I think being an entrepeneur may be time consuming, frustrating and risky sometimes but is also rewarding. When you fail is your fault but when you have sucess is product of your effort too, so having your own company is not just about earning more money but to grow personally as your company does it. I agree totally that being a former employee in a larger company than your start up may be a good way or even the best to have sucess.

This way you will have not just the technical knowledge of the industry but also knowledge about how a company is organized inside. Sometimes small companies or sole traders tend to minimize the importance for them of writing a well organized business plan prior to start operations or quality management. A lot of people think those things are just for large companies, but all the companies whether big or not need to have an strategy finding its own place in the market and need to apply quality in its services to satisfy clients to have sucess.

I agree that outsourcing is very powerful and even desirable for the entrepeneur when starting. This way you can have your costs under control on an on-demand basis. You always have time later to hire skilled employees if demand for your services grow.

Best regards,David

Unquote

Thanks for the contribution David!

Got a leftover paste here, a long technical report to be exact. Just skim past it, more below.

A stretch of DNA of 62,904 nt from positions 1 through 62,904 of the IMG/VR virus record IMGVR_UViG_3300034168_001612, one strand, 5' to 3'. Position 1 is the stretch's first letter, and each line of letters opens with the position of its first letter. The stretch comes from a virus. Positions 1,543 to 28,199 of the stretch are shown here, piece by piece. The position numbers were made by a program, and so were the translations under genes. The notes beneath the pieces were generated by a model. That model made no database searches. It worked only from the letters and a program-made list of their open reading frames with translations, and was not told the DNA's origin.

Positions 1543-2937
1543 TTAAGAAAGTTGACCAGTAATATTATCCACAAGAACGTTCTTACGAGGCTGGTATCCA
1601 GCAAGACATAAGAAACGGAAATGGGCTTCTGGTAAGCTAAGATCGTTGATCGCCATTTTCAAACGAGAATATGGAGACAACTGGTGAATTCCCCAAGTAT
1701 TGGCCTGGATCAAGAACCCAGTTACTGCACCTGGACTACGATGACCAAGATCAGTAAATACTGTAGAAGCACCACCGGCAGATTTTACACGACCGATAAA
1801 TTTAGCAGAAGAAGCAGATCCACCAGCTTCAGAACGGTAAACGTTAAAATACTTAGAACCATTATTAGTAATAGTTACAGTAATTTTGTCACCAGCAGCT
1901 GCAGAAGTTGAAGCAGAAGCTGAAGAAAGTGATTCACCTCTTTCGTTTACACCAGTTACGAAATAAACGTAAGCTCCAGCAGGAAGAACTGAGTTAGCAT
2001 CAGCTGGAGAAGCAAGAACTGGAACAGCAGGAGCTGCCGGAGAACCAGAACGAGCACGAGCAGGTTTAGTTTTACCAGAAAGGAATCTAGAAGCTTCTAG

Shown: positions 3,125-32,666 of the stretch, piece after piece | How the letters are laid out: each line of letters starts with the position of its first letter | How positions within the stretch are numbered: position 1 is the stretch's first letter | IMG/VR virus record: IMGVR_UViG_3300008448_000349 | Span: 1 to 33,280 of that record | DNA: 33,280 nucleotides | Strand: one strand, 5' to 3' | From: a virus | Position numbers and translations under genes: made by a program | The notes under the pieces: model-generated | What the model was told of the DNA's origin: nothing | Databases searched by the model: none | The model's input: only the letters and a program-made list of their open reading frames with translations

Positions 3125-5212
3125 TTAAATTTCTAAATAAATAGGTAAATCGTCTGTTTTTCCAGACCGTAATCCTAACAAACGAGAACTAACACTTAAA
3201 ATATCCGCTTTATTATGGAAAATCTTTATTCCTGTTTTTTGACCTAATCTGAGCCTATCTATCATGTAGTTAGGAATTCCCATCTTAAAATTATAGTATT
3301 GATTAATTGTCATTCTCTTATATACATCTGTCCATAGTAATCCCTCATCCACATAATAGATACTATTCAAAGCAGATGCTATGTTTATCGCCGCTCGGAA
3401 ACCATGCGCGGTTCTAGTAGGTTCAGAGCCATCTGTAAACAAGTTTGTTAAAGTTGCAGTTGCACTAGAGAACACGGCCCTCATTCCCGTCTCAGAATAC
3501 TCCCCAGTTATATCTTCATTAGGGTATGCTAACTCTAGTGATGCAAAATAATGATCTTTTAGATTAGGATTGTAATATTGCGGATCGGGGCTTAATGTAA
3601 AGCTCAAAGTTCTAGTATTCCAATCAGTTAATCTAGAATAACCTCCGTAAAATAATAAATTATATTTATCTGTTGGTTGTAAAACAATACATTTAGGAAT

Brgds
VS

3 comments:

  1. Thanks, just my 2 cents, from the perspective of a young entrepeneur with zero experience in shipping. As you say, wherever is a business there has been and there is plan, as well as wherever exist client relationships and/or a reputation there has been and there is some kind of quality management system applied to services. Both may be non-compliance with ISO standards, but that doesn't mean they are not valid and useful for you. Whenever you sell peanuts or act as a broker for sure you ask yourself some questions prior to starting:

    -Which services are going to be offered by my company?(chartering and/or s&p,etc)
    -Who are going to be my clients and suppliers?(knowing not just names but also their characteristics and what value added services could be offered to them, how should I communicate with them)
    -How/where may I find new clients and suppliers?
    -Who are going to be my competitors in my activities?(where can I and where can't I compete with them)